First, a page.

# Computation as uncertainty reduction: a simplified order-theoretic framework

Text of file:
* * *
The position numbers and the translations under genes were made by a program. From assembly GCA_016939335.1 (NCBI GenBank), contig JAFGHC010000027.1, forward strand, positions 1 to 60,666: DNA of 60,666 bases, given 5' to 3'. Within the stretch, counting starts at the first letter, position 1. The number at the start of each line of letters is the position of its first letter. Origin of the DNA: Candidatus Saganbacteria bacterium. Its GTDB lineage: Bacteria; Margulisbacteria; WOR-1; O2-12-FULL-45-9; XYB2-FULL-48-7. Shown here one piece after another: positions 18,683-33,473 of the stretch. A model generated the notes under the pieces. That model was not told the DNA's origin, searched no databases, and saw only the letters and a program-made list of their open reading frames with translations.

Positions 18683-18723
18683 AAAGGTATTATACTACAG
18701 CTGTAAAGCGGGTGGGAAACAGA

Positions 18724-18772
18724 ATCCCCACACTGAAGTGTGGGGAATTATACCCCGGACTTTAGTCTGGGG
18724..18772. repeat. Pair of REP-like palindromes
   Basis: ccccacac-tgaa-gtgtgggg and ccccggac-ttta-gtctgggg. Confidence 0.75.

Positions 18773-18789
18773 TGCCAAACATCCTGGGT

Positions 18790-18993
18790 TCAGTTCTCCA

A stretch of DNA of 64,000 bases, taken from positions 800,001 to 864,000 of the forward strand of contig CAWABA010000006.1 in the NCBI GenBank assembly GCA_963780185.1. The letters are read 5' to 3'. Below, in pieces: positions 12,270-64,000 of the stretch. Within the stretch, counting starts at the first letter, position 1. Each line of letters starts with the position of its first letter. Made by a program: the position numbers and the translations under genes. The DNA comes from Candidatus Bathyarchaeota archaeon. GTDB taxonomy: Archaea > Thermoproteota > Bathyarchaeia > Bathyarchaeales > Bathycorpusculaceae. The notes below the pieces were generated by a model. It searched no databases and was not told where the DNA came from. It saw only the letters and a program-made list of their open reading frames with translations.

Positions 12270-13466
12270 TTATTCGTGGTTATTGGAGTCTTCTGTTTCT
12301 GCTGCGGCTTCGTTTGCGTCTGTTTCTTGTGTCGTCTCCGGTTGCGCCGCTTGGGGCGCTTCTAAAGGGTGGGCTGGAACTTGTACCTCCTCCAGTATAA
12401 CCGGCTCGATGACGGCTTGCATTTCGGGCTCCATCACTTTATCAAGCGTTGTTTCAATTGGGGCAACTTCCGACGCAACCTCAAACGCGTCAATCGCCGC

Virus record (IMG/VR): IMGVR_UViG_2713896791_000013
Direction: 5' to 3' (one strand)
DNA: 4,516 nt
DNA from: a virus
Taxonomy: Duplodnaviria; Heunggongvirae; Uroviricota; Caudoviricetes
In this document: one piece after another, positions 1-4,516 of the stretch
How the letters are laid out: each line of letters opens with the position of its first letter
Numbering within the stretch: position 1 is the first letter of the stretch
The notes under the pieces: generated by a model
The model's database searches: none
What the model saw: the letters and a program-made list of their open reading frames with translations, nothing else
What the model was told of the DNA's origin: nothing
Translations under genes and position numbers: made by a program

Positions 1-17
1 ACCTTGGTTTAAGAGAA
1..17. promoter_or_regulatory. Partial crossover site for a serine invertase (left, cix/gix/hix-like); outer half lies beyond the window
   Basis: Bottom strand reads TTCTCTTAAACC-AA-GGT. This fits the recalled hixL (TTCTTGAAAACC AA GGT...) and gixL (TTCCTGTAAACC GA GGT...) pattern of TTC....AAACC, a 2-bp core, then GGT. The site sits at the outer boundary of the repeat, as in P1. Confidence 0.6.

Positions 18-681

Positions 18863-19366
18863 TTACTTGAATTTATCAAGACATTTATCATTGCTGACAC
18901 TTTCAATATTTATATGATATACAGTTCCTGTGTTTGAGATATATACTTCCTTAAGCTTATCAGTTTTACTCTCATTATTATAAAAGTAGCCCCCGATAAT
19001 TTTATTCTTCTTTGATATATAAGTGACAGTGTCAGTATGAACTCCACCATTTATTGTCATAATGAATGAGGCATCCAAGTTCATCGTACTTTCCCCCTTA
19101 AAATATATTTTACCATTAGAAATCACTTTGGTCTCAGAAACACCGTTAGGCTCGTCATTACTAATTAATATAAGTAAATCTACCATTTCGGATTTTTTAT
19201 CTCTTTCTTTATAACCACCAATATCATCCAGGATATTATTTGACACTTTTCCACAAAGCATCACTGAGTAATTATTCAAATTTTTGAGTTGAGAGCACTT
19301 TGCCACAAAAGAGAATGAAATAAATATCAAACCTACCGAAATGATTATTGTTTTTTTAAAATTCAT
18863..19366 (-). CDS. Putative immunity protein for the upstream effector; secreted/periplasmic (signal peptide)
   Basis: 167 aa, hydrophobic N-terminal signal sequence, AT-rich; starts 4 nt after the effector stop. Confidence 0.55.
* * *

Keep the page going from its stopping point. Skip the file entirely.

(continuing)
Although there is a somewhat standard formalization of computability on countable sets given by Turing machines, the same cannot be said about uncountable sets. Among the approaches to define computability in these sets, order-theoretic structures have proven to be useful. Here, we discuss the mathematical structure needed to define computability using order-theoretic concepts. In particular, we introduce a more general framework and discuss its limitations compared to the previous one in domain theory. We expose four features in which the stronger requirements in the domain-theoretic structure allow to improve upon the more general framework: computable elements, computable functions, model dependence of computability and complexity theory. Crucially, we show computability of elements in uncountable spaces can be defined in this new setup, and argue why this is not the case for computable functions. Moreover, we show the stronger setup diminishes the dependence of computability on the chosen order-theoretic structure and that, although a suitable complexity theory can be defined in the stronger framework and the more general one posesses a notion of computable elements, there appears to be no proper notion of element complexity in the latter.

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